Study Guide

Annie Hall Sex

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MISS REED: You should be ashamed of yourself.

ALVY: Why? I was just expressing a healthy sexual curiosity.

MISS REED: Six-year-old boys don't have girls on their minds.

ALVY: I did.

CLASSMATE: For God's sake, Alvy, even Freud speaks of a latency period.

ALVY: Well, I never had a latency period. I can't help it.

Alvy wastes no time in introducing the concept of sex, which makes it clear right up front how important it is to him, especially when it comes to relationships.

ALVY: It's always some kind of an excuse. You used to think that I was very sexy. When we first started going out, we had sex constantly. We're probably listed in The Guinness Book of World Records.

They aren't, but the world's largest waffle is. It weighs over 110 pounds!

ROBIN: Alvy, don't. You're using sex to express hostility.

ALVY: "Why do you always reduce my animal urges to psychoanalytic categories?" he said as he removed her brassiere.

The small portion we see of Alvy's second marriage, to Robin, shows how Alvy and the writer were on totally different pages when it came to sex.

ALVY: That was the most fun I've ever had without laughing.

When Alvy feels his sex life is going well, he feels his relationship is going well, too.

ALVY: You know what you are? You're polymorphously perverse.

ANNIE: What does that mean? I don't know what that is.

ALVY: You're exceptional in bed because you get pleasure in every part of your body when I touch it. You know what I mean? Like the tip of your nose, and if I stroke your teeth or your kneecaps, you certainly get excited.

We don't know about you, but if somebody tried to stroke our teeth, we'd probably bite their fingers off. (We're glad Alvy's happy, though.)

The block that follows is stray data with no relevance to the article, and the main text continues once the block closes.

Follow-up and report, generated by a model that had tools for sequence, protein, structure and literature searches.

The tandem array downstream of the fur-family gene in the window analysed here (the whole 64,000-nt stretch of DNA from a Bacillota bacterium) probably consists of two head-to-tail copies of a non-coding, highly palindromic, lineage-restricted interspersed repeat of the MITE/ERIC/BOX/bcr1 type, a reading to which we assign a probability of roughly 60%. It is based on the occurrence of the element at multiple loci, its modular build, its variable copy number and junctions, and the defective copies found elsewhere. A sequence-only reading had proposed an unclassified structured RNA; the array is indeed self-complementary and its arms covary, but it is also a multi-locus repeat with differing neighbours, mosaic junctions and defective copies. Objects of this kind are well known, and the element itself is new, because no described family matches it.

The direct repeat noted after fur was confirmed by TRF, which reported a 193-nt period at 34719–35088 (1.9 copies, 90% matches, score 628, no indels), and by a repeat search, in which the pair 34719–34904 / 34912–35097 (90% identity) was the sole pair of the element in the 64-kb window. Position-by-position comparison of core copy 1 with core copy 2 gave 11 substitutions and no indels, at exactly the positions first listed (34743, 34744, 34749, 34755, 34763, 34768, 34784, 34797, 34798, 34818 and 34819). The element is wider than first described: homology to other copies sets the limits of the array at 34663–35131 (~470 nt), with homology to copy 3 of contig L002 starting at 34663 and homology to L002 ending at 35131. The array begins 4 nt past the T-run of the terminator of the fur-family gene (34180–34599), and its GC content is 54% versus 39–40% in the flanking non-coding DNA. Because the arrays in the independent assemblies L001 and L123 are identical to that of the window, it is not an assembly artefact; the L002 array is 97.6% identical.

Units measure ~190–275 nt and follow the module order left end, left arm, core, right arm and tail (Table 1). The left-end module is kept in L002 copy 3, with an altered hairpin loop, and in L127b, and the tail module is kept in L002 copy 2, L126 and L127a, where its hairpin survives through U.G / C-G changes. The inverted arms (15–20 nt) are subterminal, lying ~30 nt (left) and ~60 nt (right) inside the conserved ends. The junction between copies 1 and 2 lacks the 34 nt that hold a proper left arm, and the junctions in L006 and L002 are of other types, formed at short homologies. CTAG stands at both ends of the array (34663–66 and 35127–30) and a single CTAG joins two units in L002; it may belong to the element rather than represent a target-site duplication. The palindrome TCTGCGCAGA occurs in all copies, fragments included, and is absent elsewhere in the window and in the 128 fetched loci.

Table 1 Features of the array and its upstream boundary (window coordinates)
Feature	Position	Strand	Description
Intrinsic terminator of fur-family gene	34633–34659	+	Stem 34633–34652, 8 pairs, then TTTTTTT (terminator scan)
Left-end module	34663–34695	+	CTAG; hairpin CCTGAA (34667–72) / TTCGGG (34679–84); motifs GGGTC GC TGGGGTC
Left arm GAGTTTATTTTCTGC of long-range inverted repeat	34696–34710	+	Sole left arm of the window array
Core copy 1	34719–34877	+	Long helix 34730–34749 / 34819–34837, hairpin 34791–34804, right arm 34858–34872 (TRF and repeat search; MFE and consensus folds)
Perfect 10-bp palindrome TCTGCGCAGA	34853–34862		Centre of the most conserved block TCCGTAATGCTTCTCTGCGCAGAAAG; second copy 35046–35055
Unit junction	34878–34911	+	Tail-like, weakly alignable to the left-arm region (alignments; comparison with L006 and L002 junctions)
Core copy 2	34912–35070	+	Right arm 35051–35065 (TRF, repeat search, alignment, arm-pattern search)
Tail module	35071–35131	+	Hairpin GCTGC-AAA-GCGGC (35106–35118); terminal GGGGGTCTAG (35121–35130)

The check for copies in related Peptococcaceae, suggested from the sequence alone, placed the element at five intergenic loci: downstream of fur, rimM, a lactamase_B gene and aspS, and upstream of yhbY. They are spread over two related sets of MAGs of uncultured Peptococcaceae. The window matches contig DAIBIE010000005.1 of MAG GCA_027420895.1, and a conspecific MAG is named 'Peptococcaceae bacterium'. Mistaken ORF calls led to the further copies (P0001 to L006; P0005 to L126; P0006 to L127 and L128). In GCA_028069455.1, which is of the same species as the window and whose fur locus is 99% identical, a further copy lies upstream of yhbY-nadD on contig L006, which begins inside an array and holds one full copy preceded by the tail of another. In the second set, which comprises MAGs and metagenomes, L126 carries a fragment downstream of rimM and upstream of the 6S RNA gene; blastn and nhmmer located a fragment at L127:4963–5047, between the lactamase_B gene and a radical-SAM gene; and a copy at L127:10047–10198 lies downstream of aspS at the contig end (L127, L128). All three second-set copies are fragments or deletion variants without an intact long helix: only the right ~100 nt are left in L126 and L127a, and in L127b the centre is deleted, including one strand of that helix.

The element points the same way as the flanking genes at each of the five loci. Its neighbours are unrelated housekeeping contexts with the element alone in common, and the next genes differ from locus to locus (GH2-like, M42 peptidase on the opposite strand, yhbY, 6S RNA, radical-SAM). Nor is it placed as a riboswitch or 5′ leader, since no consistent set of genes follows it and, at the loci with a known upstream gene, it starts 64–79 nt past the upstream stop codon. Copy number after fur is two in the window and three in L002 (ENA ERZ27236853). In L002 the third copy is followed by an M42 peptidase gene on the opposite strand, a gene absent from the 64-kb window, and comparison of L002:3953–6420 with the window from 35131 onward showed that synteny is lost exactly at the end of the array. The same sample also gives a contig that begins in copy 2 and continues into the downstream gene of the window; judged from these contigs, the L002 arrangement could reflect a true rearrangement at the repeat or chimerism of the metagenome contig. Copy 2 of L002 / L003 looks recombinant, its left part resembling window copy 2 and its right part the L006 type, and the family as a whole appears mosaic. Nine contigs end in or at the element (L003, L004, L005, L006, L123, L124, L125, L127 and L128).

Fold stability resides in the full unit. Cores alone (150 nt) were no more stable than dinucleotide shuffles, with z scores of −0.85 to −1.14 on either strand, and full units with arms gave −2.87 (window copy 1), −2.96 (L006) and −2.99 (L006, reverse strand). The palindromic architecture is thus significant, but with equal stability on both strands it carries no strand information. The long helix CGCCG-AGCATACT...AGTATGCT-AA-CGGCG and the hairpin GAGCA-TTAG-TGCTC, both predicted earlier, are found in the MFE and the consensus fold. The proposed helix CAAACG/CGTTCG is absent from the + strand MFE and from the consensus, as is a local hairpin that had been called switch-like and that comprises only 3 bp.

ALVY: I don't know why you have to get high every time we make love.

ANNIE: It relaxes me.

ALVY: You have to be artificially relaxed before we can go to bed?

ANNIE: Well, what's the difference anyway?

ALVY: Well, I'll give you a shot of sodium pentothal. You can sleep through it.

ANNIE: Oh come on. Look who's talking. You've been seeing a psychiatrist for fifteen years. You should smoke some of this. You'd be off the couch in no time.

It's pretty clear that marijuana becomes a bedroom crutch for Annie. It's equally clear that Alvy wants to take that crutch and flush it down the toilet.

ALVY: It ruins it for me if you have grass because, you know, I'm like a comedian, so if I get a laugh from a person who's high, it doesn't count, you know, because they're always laughing.

In other words, Alvy thinks smoking pot cheapens the experience, or puts distance between him and Annie.

ALVY: It's all mental masturbation!

ANNIE: Oh, well now we're finally getting to a subject you know something about.

ALVY: Hey, don't knock masturbation! It's sex with someone I love.

Quips like these show that Alvy's perpetually performing. He doesn't just tell jokes on stage; he tells jokes constantly.

ALVY'S THERAPIST: How often do you sleep together?

ANNIE'S THERAPIST: Do you have sex often?

ALVY: Hardly ever. Maybe three times a week.

ANNIE: Constantly. I'd say three times a week.

This exchange shows that sex is subjective and open to interpretation, just like any other type of performance. Alvy thinks three times a week is "hardly ever." Annie thinks it's "constantly." (And we can all agree that Annie's therapist's office looks like the inside of a space station.)

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